TFlow and DOMTracker, Part 3: Redefining Data

A key advantage of TFlow® charts is their ability to build data based on activity. This allows for sensitivity without lag. It also allows for traditional analysis, such as trend lines, to be utilised in a unique way that is not visible to traditional chartists. Today, we look at the final range-based chart type within TFlow. The example, again, is on crude and builds a fresh bar once the range goes beyond fifteen ticks.

Each market has its own dynamics for the correct range to use. My method for determining range is to take the ten-period's Average True Range smoothed with a Moving Average on a daily chart to compute an idea of the mean range. I then take a normal thirteen-bar TFlow chart and count how many bars are built in a normal trading day. If the number of bars built is above the average range, then a range bar must be below ten. If it is below, then it must be above ten. Taking crude as an example, the number of bars built per day is 175, but the average daily range is 250. Therefore, I use a fifteen-tick range bar. On Bunds, the number of bars is 400, but the range is seventy. Therefore, I use a five-tick range bar. It is also important to redefine data if a market is open in Asia time zones. My trading day therefore starts at 7:00 a.m. BST and closes at 9:15 p.m. BST.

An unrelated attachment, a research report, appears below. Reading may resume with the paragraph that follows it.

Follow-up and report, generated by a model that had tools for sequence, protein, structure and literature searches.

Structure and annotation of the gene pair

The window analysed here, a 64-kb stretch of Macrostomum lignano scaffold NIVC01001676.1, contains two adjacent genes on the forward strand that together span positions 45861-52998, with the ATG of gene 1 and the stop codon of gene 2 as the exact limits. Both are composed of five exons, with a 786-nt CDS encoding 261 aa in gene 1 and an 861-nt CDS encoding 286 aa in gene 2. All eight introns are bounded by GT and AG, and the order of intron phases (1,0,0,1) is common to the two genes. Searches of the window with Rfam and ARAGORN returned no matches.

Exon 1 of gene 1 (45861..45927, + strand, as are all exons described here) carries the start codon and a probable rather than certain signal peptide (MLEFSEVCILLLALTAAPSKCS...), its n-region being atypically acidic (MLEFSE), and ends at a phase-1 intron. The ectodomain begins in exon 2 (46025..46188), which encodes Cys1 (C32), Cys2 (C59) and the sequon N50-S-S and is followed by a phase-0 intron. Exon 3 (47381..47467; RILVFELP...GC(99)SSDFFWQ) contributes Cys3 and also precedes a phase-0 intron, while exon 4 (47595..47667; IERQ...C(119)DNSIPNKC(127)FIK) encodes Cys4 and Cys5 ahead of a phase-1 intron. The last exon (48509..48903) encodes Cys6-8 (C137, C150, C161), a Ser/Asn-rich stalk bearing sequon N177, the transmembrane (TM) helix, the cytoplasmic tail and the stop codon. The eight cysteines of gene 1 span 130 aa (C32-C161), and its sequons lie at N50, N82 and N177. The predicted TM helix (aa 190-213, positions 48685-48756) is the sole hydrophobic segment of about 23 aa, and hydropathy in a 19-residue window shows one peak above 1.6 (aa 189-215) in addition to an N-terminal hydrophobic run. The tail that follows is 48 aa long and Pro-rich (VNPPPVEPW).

The example I am using is this week's crude chart. It takes me through the weekly DOE report. The first striking visualisation is that a clear triangle can be built, and once the report comes out, any breakout of that triangle will dictate the trend. Contrast this with the same picture and trend lines as shown on the five-minute bar chart. Whilst the support line is similar, the resistance line is completely different. This shows the clear advantage of TFlow charts.

Two new concepts are added to the TFlow chart. The first is called a swept market: a time within the fifteen-tick range when the market solely trades on either the bid or the offer. When this happens on the former, the highs remain fixed until one contract lifts an offer. On the latter, the lows remain fixed until someone hits a bid. The period immediately after the statistic shows that price first hits bids only, before a brief respite, and then, suddenly, only offers are taken. The TFlow volume shows how little real activity there actually was. Finally, the break of the trend line occurs, the DOMTracker confirms the break with the green above the red line, and price collapses.

In the previous articles, the Moving Linear Regression line was used to track the trend, but with range-based TFlow, on fast markets such as crude, more sensitive methods can be employed. In my testing, the Kase PeakOscillator (learn more at www.kasestatware.com) is the most accurate in quantifying oversold and overbought. This is flagged by a purple line, which appears twice as price falls, indicating impending exhaustion. This exhaustion is confirmed when the Oscillator turns back above the red deviation line. The exit is triggered as soon as there is an up-range bar.


Articles in this series